# Snowflake and Anti-Snowflake Curves

Fig. 1

The snowflake curve made its first appearence in a 1906 paper written by the Swedish mathematician Helge von Koch. It is a closed curve of infinite perimeter that encloses a finite area.

Start with a equallateral triangle of side length $a$ and area $A_0$, the snowflake curve is constructed iteratively (see Fig. 1). At each iteration, an outward equallateral triangle is created in the middle third of each side. The base of the newly created triangle is removed:

Fig. 2

Let $s_i$ be the number of sides the snowflak curve has at the end of $i^{th}$ iteration. From Fig. 2, we see that

$\begin{cases}s_i = 4s_{i-1}\\ s_0=3\end{cases}$.

Fig. 3

Solving for $s_i$ (see Fig. 3) gives

$s_i = 3\cdot 4^i.$

Suppose at the end of $i^{th}$ iteration, the length of each side is $a^*_i$, we have

$\begin{cases}a^*_i = \frac{a^*_{i-1}}{3}\\ a^*_0=a\end{cases}$,

therefore,

$a^*_i = (\frac{1}{3})^i a$

and, $p_i$, the perimeter of the snowflake curve at the end of $i^{th}$ iteration is

$p_i = s_{i-1} (4\cdot a^*_i) = (3\cdot4^{i-1})\cdot (4\cdot(\frac{1}{3})^ia)=3(\frac{4}{3})^i a$.

It follows that

$\lim\limits_{i\rightarrow \infty}p_i =\infty$

since $|\frac{4}{3}|>1$.

Let $A^*_{i-1}, A^*_i$ be the area of equallateral triangle created at the end of $(i-1)^{th}$ and $i^{th}$ iteration respectively. Namely,

$A^*_{i-1} = \boxed{\frac{1}{2}a^*_{i-1}\sqrt{(a^*_{i-1})^2-(\frac{a^*_{i-1}}{2})^2}}$

and

$A^*_{i} = \frac{1}{2}\frac{a^*_{i-1}}{3}\sqrt{(\frac{a^*_{i-1}}{3})^2-(\frac{1}{2}\frac{a^*_{i-1}}{3})^2}= \frac{1}{9}\cdot\boxed{\frac{1}{2}a^*_{i-1}\sqrt{(a^*_{i-1})^2-(\frac{a^*_{i-1}}{2})^2}}=\frac{1}{9}A^*_{i-1}$.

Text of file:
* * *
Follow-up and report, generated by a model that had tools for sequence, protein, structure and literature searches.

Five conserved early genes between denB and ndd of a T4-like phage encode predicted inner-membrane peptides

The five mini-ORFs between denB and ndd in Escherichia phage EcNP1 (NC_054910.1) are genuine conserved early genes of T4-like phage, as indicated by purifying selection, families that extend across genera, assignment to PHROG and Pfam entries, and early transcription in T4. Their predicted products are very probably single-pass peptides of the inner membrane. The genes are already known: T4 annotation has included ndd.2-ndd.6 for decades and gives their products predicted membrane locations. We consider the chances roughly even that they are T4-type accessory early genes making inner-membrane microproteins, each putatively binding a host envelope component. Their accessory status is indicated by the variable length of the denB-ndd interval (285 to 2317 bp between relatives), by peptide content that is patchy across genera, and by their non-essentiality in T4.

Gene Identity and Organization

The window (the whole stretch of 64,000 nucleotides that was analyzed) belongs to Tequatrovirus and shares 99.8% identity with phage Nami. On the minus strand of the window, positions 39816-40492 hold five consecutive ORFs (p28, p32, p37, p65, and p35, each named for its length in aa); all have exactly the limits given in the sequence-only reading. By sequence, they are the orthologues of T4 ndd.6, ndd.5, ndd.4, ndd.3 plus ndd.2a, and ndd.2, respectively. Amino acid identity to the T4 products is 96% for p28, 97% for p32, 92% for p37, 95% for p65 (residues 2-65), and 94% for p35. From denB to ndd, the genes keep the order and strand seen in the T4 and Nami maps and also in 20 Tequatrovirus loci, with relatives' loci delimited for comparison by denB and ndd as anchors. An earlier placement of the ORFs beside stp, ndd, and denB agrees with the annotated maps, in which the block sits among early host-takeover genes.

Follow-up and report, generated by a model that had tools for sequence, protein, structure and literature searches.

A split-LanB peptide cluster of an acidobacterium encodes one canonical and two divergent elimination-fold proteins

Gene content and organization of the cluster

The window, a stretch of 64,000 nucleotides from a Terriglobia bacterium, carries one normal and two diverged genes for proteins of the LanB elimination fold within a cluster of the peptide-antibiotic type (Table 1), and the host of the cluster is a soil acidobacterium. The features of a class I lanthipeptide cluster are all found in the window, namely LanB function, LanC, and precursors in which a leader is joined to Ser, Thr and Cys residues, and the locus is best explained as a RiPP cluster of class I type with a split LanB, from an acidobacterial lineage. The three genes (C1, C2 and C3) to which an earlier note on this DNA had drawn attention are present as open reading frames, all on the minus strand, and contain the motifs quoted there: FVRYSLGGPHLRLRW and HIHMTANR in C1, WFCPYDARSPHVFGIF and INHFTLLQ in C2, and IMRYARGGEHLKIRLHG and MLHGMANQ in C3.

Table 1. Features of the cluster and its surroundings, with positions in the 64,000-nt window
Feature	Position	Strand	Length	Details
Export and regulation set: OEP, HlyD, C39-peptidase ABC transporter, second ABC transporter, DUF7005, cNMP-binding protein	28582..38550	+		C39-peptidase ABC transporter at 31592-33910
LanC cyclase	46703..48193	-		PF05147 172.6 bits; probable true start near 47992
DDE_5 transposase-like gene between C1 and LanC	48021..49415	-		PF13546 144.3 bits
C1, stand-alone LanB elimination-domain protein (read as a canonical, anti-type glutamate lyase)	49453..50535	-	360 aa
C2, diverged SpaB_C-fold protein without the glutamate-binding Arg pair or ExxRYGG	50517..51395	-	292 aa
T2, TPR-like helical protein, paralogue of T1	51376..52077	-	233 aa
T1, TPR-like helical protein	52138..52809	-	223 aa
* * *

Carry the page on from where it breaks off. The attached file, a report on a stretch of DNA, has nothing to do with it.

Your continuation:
Since

$\begin{cases}A^*_i = \frac{1}{9} A^*_{i-1} \\ A^*_0=A_0\end{cases}$,

solving for $A^*_i$ gives

$A^*_i = (\frac{1}{9})^i A_0$.

Hence, the area added at the end of $i^{th}$ iteration

$\Delta A_i = s_{i-1} A^*_i = (3\cdot4^{i-1})\cdot(\frac{1}{9})^{i}A_0$.

After $n$ iterations, the total enclosed area

$A_n =A_0 + \sum\limits_{i=1}^{n}\Delta A_i = A_0 + \sum\limits_{i=1}^{n}(3\cdot4^{i-1})\cdot(\frac{1}{9})^i A_0=\frac{8}{5}A_0-\frac{3}{5}(\frac{4}{9})^{n}A_0$.

As the number of iterations tends to infinity,

$\lim\limits_{n\rightarrow \infty}A_n = \frac{8}{5}A_0$.

i.e., the area of the snowflake is $\frac{8}{5}$ of the area of the original triangle.

If at each iteration, the new triangles are pointed inward, the anti-snowflake is generated (see Fig. 4 ).

Fig. 4 First four iterations of anti-snowflake curve

Like the Snowflake curve, the perimeter of the anti-snowflake curve grows boundlessly, whereas its total enclosed area approaches a finite limit (see Exercise-1).

Exercise-1 Let $A_0$ be the area of the original triangle. Show that the area encloded by the anti-snowflake curve approaches $\frac{5}{2}A_0$.

Exercise-2 An “anti-square curve” may be generated in a manner similar to that of the anti-snowflake curve (see Fig. 5). Find:

(1) The perimeter at the end of $i^{th}$ iteration

(2) The enclosed area at the end of $i^{th}$ iteration

Fig. 5 First four iterations of anti-square curve

# A pair of non-identical twins

A complex number $x + i y$ can be plotted in a complex plain where the $x$ coordinate is the real axis and the $y$ coordinate the imaginary.

Let’s consider the following iteration:

$z_{n+1} = z_{n}^2 + c\quad\quad\quad(1)$

where $z, c$ are complex numbers.

If (1) are started at $z_0 = 0$ for various values of $c$ and plotted in c-space, we have the Mandelbrot set:

When $c$ is held fixed and points generated by (1) are plotted in z-space, the result is the Julia set:

# Chaos Esthétique

Drawing fractal by hand is tedious at best and close to impossible at worst. With the help of a CAS program, all you need is a few lines of code with a for-loop operation.

The fractal structure in Fig. 1 is generated from Gumnowski-Mira chaos model

$\begin{cases} F(x)=a x+{{2(1-a)x^2} \over { 1+x^2}} \\ x_{n+1}=y_{n}+F(x_{n}) \\ y_{n+1}=-x_{n} +F(x_{n+1}) \end{cases}$

Fig.1 $a=0.31, (x_0, y_0) = (12, 0)$

Replace the term $x_n$ by $-bx_n$ with b = 0.9998, the result is shown in Fig. 2.

Fig.2 $a=0.7, (x_0, y_0) = (15, 0)$